The CHOD would have more autonomy than the current Chief of Staff role. There would also be more involvement of senior enlisted personnel in top level decision making, a practice which has become common in other militaries.

A more agile force structure should be created that is more regionally balanced, the commission said.

The military police should become its own independent service. It is currently embedded into the command structures of its local formations. It should receive improved analytic and forensic support and an oversight structure should be put in place to monitor investigations and prevent abuse of power.

A national defence academy and an apprentice school should be established to support developments in military training. There is also a need for an Office of Veterans Affairs to support former Defence Forces members and their families.


Even before the Women of Honour allegations of abuse in the Defence Forces surfaced last September, much of the commission’s work was focused on examining the military’s internal culture.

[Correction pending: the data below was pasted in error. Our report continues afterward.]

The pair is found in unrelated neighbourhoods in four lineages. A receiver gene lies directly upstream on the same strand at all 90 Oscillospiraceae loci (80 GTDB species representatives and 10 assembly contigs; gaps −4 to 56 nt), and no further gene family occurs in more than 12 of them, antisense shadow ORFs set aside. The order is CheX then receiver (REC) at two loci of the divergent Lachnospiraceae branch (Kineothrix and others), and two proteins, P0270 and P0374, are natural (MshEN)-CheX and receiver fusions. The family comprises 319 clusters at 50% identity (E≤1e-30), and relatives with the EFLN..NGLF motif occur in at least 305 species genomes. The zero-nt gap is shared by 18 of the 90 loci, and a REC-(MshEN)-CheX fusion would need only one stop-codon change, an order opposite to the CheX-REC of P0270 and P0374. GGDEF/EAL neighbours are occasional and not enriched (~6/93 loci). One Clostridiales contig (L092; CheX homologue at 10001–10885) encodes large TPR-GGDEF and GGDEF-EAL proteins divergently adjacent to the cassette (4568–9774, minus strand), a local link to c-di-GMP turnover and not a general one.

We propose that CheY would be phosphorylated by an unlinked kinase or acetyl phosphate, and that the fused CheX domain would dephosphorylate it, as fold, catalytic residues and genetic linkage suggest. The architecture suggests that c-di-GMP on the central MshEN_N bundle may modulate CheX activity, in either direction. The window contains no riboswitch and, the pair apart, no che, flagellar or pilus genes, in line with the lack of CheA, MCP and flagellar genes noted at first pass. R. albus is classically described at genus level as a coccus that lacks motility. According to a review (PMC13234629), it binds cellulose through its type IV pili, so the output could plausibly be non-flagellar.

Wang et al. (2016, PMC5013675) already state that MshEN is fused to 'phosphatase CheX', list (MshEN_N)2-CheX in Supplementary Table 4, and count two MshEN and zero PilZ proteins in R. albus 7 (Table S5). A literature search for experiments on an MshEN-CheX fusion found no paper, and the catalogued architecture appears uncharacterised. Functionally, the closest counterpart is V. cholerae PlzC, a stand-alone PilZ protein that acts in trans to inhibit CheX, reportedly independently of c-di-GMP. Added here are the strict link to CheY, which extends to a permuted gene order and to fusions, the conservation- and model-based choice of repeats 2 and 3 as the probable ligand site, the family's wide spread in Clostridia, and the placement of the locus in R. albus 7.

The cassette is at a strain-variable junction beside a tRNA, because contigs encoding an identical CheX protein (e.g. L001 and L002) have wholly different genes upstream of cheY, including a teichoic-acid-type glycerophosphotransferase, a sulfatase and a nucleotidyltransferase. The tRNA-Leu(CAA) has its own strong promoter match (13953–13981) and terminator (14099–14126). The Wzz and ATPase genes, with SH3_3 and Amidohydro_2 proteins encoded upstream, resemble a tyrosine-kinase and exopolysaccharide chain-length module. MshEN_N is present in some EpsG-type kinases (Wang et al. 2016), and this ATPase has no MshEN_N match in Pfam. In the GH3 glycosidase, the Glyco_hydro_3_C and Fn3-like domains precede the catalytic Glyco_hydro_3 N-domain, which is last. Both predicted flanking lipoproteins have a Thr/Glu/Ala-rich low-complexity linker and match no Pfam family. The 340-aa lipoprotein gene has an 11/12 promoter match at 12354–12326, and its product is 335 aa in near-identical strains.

The commission recommends that the Defence Forces sets a target that at least 35 per cent of recruits are women. A full-time gender adviser, with a senior rank, should be appointed and any remaining barriers to career progression for women should be removed immediately.

Gender perspective should be a factor in all decision making, including in human resources and procurement while gender and diversity training should be made mandatory across all ranks.

The Defence Forces should communicate with underrepresented communities to identity barriers to recruitment and it should be made easier for non-national Defence Forces members to achieve Irish citizenship.

It should also be easier for enlisted personnel to become officers. Currently, only about 10 per cent of officers started off as enlisted recruits.